Sugar consists of 12 atoms of carbon, 14 of hydrogen, and 14 of oxygen; and these are decomposed through the influence of the yeast into 2 equivalents of alcohol, 4 of carbonic acid, and 2 of water. following diagram, in which the elements are represented by their initial letters, will show the changes that occur at one view:

2 eq. alcohol. . . . C. 8, H. 12, 0. 4. Sugar-C. 12, H. 14, 0 14—4 eq. carb. acid . . C. 4,

2 eq. water

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• ....


H. 2, 0. 2.

3. Acetous Fermentation.-All vinous fluids are susceptible of being converted into vinegar, which is an impure and dilute solution of acetic acid. In the ordinary mode of preparing this liquid, certain azotous principles are requisite, and therefore this process also is a true fermentation. It consists in the oxidation of the alcohol by atmospheric oxygen, and may be explained as follows: Alcohol, C. 4, H. 6, O. 2) 1 eq. acetic acid, C. 4, H. 3, 0. 3. Oxygen (from air), . O. 4 3 eq. water H. 3, 0. 3. There are still other varieties of fermentation, but in a popular paper like the present, it would prove foreign to our purpose to enter more minutely into detail. Enough has been said, we trust, to excite our hearers to a further study of this interesting subject.



"The relationship between mind and matter, is a solemn, and an incomprehensible, truth. We are each of us ignorant of the period, when, with our commoner, our Earthly, nature, mingled the Etherial, making us beings of intelligence and responsibility-and death must be personally experienced ere we can understand the mystery of dying, or be informed how body and soul can sever, and be separate.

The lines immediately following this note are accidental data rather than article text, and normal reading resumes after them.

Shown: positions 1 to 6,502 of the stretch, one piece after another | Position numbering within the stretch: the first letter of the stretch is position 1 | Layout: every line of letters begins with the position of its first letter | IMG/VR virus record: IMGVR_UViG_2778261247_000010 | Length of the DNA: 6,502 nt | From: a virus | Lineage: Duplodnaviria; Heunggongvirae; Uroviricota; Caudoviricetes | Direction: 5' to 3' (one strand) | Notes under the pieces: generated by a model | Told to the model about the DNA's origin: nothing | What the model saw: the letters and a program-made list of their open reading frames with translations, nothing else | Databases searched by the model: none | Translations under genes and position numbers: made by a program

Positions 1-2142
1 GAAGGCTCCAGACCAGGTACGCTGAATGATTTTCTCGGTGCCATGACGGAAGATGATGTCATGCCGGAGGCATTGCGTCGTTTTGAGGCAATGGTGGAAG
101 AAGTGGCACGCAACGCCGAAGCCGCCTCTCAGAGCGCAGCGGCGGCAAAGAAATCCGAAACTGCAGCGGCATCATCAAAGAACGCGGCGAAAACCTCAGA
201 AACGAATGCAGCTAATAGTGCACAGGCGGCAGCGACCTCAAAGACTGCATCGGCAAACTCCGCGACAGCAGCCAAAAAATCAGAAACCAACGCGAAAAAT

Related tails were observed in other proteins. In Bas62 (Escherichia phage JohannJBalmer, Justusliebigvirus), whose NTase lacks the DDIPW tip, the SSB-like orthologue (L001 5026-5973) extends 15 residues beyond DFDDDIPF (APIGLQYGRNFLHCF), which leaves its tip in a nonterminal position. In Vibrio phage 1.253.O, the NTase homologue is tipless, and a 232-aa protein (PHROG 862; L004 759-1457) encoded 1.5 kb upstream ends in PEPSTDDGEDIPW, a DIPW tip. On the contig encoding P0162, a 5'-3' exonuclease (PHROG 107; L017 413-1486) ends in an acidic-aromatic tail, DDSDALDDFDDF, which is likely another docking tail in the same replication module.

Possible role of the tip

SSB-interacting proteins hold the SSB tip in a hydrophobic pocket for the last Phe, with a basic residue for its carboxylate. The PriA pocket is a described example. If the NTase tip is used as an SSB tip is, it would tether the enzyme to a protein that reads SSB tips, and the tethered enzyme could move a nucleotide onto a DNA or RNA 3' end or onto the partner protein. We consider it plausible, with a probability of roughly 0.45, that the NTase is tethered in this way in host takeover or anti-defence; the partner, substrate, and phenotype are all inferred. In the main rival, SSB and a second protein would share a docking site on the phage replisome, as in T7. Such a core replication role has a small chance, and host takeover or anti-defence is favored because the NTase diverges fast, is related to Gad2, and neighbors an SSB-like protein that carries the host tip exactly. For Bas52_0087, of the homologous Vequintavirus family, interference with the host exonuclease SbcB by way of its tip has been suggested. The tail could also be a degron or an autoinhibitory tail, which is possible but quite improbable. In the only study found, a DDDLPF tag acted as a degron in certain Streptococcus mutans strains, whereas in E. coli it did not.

"In the processes which are peculiar to animal and organic life, we cannot suppose that spirit has any actual share. How limited would be its purposes, how insulted its purity, were it occupied in the constant sustenance and servitude of matter-in fashioning atoms into an embryo, and an embryo into man -in exciting an organ to activity, and sustaining it by constant watchfulness- -never neglecting the mechanism lest its movement should cease-living incarnate for a few years, chiefly engaged in animating its worldly vehicle-and then departing for a freer state, leaving the form it once vitalized, a prey to worms and rottenness. No! matter was created and organized for the mind-not the mind for matter. Perishable, insensate, atoms, at the will of Deity, mysteriously congregated themselves into a living